That’s right folks, start gathering those pennies because the latest book coming from Peveril Publishing is coming soon! And as a fan of Hammer Studios, this is one you’re going to want for your library. The House that Hammer Built: The Complete Hinds/Carreras Years (1934-1979) Vol. 1: 1934-1949 will “hopefully” be on sale late November, according to Peveril boss Wayne Kinsey. The best way to be notified when it is ready is to subscribe to their website (just click HERE). But beware, these are not cheap and sell out fast. But every single edition I’ve bought from them has been well worth it. Not only are they incredibly well made and designed, but they are also filled to the brim with facts about one of our favorite film studios.
This series of books, which will be in 3 volumes, is Kinsey’s “definitive work on Hammer”. On the Peveril site, he states that he’ll be “taking a chronological look at all Hammer’s films (in production order) including all the early Exclusive pictures for the first time as well as Hammer’s many un-filmed projects. I’ll be amalgamating all my research from previous books with all new research and return to the oral history approach, so we can hear many of the stories from the mouths of those who worked at Hammer, many sadly no longer with us.”
If you love historical information about Hammer Studios and their films, this series is going to be a must for your library.
Never Take Candy from a Stranger (1960), The Damned (1963), Plague of the Zombies (1966). These are the three titles covered in this episode, as well as a little discussing on what can be considered “horror” when talking about the famous Studio that Dripped Blood. While some of these titles don’t immediately come to mind when you think of Hammer Horror, digging a little deeper, you might discover it to be there after all. After all, isn’t the whole point of being a horror fan is to go beyond the borders? You never know what you might find and even might be surprised.
These are the titles mentioned in the episode:
Cross of the Devil (1975), The Curse of Frankenstein (1957), The Damned (1963), The Ghost Breakers (1940), Horror of Dracula (1958), I Walked with a Zombie (1943), Never Take Candy from a Stranger (1960), Night of the Living Dead (1968), Plague of the Zombies (1966), Paranoiac (1963), The People Who Own the Dark (1976), The Quatermass Xperiment (1955), The Serpent and the Rainbow (1988), To the Devil a Daughter (1976), White Zombie (1932)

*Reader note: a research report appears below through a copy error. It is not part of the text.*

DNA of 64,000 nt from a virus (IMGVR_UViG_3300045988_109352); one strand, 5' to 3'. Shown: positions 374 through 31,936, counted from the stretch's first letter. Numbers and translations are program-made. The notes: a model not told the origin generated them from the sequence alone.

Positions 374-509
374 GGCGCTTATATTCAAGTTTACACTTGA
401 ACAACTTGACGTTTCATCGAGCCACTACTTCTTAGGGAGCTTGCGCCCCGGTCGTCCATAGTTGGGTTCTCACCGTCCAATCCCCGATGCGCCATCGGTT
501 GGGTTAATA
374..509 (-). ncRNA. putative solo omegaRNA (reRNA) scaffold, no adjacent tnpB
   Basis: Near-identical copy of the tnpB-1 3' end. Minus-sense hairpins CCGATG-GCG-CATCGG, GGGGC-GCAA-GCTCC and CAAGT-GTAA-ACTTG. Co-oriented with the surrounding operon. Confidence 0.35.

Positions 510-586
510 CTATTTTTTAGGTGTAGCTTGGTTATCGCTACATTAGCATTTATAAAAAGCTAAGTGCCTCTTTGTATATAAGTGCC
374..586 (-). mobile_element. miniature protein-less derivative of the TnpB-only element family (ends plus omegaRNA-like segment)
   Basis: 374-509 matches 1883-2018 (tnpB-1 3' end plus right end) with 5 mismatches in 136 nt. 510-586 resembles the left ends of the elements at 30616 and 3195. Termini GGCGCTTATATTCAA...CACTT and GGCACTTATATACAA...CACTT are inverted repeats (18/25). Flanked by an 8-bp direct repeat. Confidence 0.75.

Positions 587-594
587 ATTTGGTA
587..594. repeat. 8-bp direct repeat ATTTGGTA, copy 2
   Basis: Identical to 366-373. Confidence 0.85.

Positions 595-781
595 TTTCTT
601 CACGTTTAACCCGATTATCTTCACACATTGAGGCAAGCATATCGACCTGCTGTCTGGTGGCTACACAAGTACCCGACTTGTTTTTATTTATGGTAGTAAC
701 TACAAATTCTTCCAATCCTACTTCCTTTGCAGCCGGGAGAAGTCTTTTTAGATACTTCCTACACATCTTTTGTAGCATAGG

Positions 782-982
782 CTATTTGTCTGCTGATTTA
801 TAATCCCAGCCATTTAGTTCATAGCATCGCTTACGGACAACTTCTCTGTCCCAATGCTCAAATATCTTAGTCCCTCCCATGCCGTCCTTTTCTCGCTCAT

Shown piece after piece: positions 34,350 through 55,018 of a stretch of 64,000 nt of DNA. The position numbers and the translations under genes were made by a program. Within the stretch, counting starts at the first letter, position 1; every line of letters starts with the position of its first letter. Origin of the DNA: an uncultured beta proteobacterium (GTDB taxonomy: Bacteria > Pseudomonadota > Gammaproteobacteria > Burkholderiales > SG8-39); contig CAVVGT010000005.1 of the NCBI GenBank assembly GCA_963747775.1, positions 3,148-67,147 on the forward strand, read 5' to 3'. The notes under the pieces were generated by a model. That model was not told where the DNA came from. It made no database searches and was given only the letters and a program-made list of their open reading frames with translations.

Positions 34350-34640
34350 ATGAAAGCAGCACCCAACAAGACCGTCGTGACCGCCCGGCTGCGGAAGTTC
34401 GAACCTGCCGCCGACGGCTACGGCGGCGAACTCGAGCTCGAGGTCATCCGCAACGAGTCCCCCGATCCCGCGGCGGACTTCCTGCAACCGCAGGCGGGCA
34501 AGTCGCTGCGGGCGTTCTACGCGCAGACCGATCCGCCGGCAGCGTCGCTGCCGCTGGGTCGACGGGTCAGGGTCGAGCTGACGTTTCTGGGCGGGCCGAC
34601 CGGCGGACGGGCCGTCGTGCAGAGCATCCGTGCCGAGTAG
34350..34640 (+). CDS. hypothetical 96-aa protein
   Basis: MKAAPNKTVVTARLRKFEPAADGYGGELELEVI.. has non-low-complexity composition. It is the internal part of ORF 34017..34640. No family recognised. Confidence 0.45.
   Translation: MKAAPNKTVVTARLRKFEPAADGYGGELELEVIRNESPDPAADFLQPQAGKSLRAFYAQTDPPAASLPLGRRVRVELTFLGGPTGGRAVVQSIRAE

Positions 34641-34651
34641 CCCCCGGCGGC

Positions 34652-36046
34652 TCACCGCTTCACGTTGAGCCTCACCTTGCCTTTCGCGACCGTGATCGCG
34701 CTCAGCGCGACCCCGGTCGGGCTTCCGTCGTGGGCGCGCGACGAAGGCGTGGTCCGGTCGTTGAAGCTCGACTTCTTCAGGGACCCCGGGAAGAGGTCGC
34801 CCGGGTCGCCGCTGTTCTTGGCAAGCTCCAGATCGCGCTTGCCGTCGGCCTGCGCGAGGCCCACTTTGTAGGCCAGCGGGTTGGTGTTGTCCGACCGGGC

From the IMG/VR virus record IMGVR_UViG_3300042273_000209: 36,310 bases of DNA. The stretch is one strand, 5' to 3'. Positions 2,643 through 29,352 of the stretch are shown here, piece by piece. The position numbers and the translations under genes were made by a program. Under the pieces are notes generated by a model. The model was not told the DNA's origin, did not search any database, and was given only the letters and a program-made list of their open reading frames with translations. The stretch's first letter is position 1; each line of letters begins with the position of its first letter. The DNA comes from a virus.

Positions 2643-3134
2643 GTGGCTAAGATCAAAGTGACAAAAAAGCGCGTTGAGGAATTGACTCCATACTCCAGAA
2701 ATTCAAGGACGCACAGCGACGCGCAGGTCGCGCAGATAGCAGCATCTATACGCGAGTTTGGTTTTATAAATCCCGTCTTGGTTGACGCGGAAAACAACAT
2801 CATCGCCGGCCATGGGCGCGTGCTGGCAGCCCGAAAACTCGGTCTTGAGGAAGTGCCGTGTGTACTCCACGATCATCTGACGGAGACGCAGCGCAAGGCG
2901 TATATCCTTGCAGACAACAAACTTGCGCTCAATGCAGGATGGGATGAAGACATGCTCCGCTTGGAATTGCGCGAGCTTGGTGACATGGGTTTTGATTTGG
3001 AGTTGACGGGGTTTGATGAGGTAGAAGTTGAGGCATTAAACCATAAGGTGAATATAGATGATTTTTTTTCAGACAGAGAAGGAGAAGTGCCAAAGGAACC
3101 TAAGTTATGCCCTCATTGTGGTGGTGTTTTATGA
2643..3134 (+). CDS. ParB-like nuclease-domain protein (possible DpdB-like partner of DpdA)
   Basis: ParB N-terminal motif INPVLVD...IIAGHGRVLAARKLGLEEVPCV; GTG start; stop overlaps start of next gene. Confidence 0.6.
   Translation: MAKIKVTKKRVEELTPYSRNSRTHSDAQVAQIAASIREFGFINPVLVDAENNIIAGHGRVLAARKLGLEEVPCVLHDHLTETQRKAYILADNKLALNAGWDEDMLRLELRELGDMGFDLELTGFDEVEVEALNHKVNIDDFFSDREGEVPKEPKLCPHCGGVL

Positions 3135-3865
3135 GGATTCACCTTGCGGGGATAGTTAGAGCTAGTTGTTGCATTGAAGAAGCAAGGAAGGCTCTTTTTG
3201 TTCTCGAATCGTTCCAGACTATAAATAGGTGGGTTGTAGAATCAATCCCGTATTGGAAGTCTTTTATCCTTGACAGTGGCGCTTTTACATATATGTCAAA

Meikle’s book A History of Horrors: The Rise and Fall of the House of Hammer was a very important step in my early days when I was digging deeper into the history of the famous studio. I can still remember first getting a copy in my hands and diving into it. It is one that I even still go back to when doing any kind of research on Hammer, or the countless people involved there. But the books didn’t stop there, with titles covering Vincent Price, the Jack Ripper films, and even Tod Slaughter with Mr. Murder: The Life and Times of Tod Slaughter, which I was thrilled to hear he did this since there isn’t a lot written about this early horror icon.
So it is with great sadness that I am reporting that Mr. Meikle has passed away. His contributions to the horror genre journalism were not only amazing, but very impactful to a lot of us fans. Longtime friend and collaborator, Dick Klemensen, posted the below comment on his Facebook page, and I think it really sums up Meikle perfectly.
“Denis was a scholar. Fans would get irritated if he didn’t seem to like the films as much as they did. But if that is the worst thing he ever did…he always made one think.”
As a journalist, making someone think about a film, whether you agree or not, does make it possible to see something you might have missed otherwise. Not always, but you have to be open to new ideas and opinions. That is how we learn more about what we love.
Thank you, Mr. Meikle, for those very important lessons in film and being a better fan. Our thoughts go out to his friends and family during this difficult time.
While there have been a few books that have covered the productions from American International Pictures, or AIP as they are better known as, but during their reign at the box office and drive-ins, there were 29 titles that were made in the UK, from making deals with Hammer Films, Tigon, and a few other production companies, to release the films over here in the states. Titles like Cat Girl (1957), Horrors of the Black Musuem (1959), Witchfinder General (1968), and The Abominable Dr. Phibes (1971), plus many others. Now, being published through Little Shoppe of Horrors, author John Hamilton has spent over 20 years working on this volume that will cover 29 film titles, each with in-depth coverage, including over 700 images!
No real date set for this volume, but I know I will definitely be adding it to my library. The films that AIP presented to audiences during that era were some of the ones I grew up on, especially in the days of the VHS boom when so many titles were hitting that new market. When we get more details, we’ll post them here. In the meantime, if you’re interested, fire off an email to Little Shoppe of Horrors main man Richard Klemenson (email@example.com) to let him know you’re interested.